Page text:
Last week in a fit of desperation, I asked a client facing a domestic violence related charge how he met his ex-girlfriend, the complainant. The man, who had tried to fire me on the last court date, softened his expression. He shook his head and launched into an intimate, if at times off-color, tale of love at first sight. Our conversation sparked ideas for trial strategy, and also re-built trust between us. Personal details served a professional purpose.

I fancy myself a client-centered attorney. In initial interviews, I ask about my clients’ families, health, housing and immigration issues. Recently, though, I realized that I can be more effective if I further expand the scope of my inquiries. After learning that a client from the former Soviet Union trained in a circus academy before he came to the US, I’ve started to ask my clients who are recent immigrants about their occupations in their home countries. Suddenly the newspaper deliveryman across from me, who speaks uncomfortably in broken English, sits up taller in his chair as he explains his university training in locomotive engineering.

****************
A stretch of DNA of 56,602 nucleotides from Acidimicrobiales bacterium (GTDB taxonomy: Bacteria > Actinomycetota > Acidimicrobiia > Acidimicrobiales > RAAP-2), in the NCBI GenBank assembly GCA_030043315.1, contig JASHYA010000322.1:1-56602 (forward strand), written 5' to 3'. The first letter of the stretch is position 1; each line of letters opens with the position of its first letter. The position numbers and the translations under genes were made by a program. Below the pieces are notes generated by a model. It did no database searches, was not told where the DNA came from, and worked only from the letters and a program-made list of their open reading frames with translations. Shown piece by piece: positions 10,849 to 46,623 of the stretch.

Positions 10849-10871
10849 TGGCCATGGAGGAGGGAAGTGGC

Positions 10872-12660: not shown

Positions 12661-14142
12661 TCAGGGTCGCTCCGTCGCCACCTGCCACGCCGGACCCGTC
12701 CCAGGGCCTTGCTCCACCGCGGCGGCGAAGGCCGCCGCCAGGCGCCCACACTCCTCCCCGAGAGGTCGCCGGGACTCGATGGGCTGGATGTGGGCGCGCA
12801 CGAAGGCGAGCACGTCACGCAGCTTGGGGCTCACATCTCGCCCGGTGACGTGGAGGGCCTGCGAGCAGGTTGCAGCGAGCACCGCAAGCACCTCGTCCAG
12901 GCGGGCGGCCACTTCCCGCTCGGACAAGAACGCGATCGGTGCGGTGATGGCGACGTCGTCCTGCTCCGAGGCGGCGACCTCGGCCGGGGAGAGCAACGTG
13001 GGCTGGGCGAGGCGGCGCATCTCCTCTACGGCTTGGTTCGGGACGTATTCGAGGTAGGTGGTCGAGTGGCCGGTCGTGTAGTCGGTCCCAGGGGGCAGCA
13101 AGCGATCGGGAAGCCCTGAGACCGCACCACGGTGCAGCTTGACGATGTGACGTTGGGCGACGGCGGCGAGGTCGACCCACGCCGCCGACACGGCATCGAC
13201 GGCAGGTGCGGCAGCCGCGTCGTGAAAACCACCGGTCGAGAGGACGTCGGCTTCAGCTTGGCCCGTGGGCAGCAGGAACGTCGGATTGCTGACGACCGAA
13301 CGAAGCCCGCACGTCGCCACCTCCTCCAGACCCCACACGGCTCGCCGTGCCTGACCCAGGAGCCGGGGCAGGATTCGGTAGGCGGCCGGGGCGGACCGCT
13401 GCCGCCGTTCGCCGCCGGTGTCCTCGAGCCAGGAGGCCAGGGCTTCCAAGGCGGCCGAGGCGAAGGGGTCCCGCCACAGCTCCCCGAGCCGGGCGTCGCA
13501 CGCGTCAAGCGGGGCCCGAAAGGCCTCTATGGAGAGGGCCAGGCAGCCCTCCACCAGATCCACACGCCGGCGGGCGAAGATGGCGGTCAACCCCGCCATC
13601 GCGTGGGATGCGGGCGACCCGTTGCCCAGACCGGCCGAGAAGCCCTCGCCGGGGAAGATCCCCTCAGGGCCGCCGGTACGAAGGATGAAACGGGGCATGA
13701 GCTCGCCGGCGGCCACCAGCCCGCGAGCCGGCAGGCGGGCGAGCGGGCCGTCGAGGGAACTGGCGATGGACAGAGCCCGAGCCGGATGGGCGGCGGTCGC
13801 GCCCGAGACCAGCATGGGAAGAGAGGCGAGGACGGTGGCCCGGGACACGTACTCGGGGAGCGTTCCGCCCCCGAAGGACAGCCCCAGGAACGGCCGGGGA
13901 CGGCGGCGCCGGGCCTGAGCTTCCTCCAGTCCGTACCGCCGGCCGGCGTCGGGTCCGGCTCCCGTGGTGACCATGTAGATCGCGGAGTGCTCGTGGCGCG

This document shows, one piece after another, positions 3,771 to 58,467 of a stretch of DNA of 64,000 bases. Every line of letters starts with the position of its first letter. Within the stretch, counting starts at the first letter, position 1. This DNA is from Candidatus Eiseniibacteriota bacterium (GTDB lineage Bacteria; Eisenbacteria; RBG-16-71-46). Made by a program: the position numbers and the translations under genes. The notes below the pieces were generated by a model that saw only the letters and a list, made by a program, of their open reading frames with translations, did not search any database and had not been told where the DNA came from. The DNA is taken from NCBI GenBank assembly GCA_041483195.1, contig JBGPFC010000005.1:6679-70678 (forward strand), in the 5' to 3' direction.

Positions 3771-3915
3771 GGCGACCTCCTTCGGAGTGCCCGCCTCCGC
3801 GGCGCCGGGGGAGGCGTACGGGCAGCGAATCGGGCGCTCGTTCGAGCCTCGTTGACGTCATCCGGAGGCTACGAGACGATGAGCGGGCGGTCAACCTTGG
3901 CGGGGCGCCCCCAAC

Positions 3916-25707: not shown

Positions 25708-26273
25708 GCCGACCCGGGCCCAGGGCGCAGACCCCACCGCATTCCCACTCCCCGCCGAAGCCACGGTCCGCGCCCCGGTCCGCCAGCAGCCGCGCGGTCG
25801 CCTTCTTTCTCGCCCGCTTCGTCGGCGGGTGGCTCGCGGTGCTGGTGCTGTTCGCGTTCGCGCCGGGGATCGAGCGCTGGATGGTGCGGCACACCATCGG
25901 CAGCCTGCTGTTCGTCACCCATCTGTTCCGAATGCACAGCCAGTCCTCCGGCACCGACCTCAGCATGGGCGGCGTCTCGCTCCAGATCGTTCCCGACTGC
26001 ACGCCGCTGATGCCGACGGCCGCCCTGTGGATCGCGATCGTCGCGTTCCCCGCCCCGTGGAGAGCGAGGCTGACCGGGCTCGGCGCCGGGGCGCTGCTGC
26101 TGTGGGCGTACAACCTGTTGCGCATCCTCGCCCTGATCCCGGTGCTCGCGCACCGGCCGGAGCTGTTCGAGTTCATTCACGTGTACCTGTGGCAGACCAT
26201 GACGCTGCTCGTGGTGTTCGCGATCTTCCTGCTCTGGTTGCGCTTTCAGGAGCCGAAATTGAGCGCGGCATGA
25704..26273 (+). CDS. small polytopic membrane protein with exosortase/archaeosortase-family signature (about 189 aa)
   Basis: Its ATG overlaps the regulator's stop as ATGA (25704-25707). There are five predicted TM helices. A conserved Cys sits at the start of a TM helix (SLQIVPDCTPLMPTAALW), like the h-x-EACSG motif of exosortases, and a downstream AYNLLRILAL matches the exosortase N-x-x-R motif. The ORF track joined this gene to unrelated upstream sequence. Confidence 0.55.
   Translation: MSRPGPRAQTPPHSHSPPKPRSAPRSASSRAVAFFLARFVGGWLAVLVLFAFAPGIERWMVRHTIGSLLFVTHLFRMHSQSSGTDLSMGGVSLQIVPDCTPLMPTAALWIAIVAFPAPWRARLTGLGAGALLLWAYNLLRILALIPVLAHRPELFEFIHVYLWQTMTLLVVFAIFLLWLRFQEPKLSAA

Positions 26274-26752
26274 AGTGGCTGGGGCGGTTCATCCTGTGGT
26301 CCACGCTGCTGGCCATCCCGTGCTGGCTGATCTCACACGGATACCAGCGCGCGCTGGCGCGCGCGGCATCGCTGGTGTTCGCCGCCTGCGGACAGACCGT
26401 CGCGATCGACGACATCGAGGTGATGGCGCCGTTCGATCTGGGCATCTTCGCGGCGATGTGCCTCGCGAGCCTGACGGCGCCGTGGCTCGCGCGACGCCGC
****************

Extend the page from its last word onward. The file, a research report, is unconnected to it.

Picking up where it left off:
We don’t have time, unfortunately, to probe the depths of each client’s life experience. Asking our clients the kinds of questions we ask of people we’re getting to know socially, can help build trust in an attorney-client relationship, and provide insights on how to humanize our clients to juries.

I learned the effectiveness of presenting the broader life experiences of a witness when a prosecutor used this technique against me at trial. I had just declared in the opening of my DWI case, “There will be no testimony from anyone trained in medicine that my client was intoxicated– you will just hear the testimony of two NYPD cops.” At the beginning of his direct exam of the arresting officer, the prosecutor asked the officer how he was employed before he worked for the NYPD. The answer? He was a paramedic for 5 years.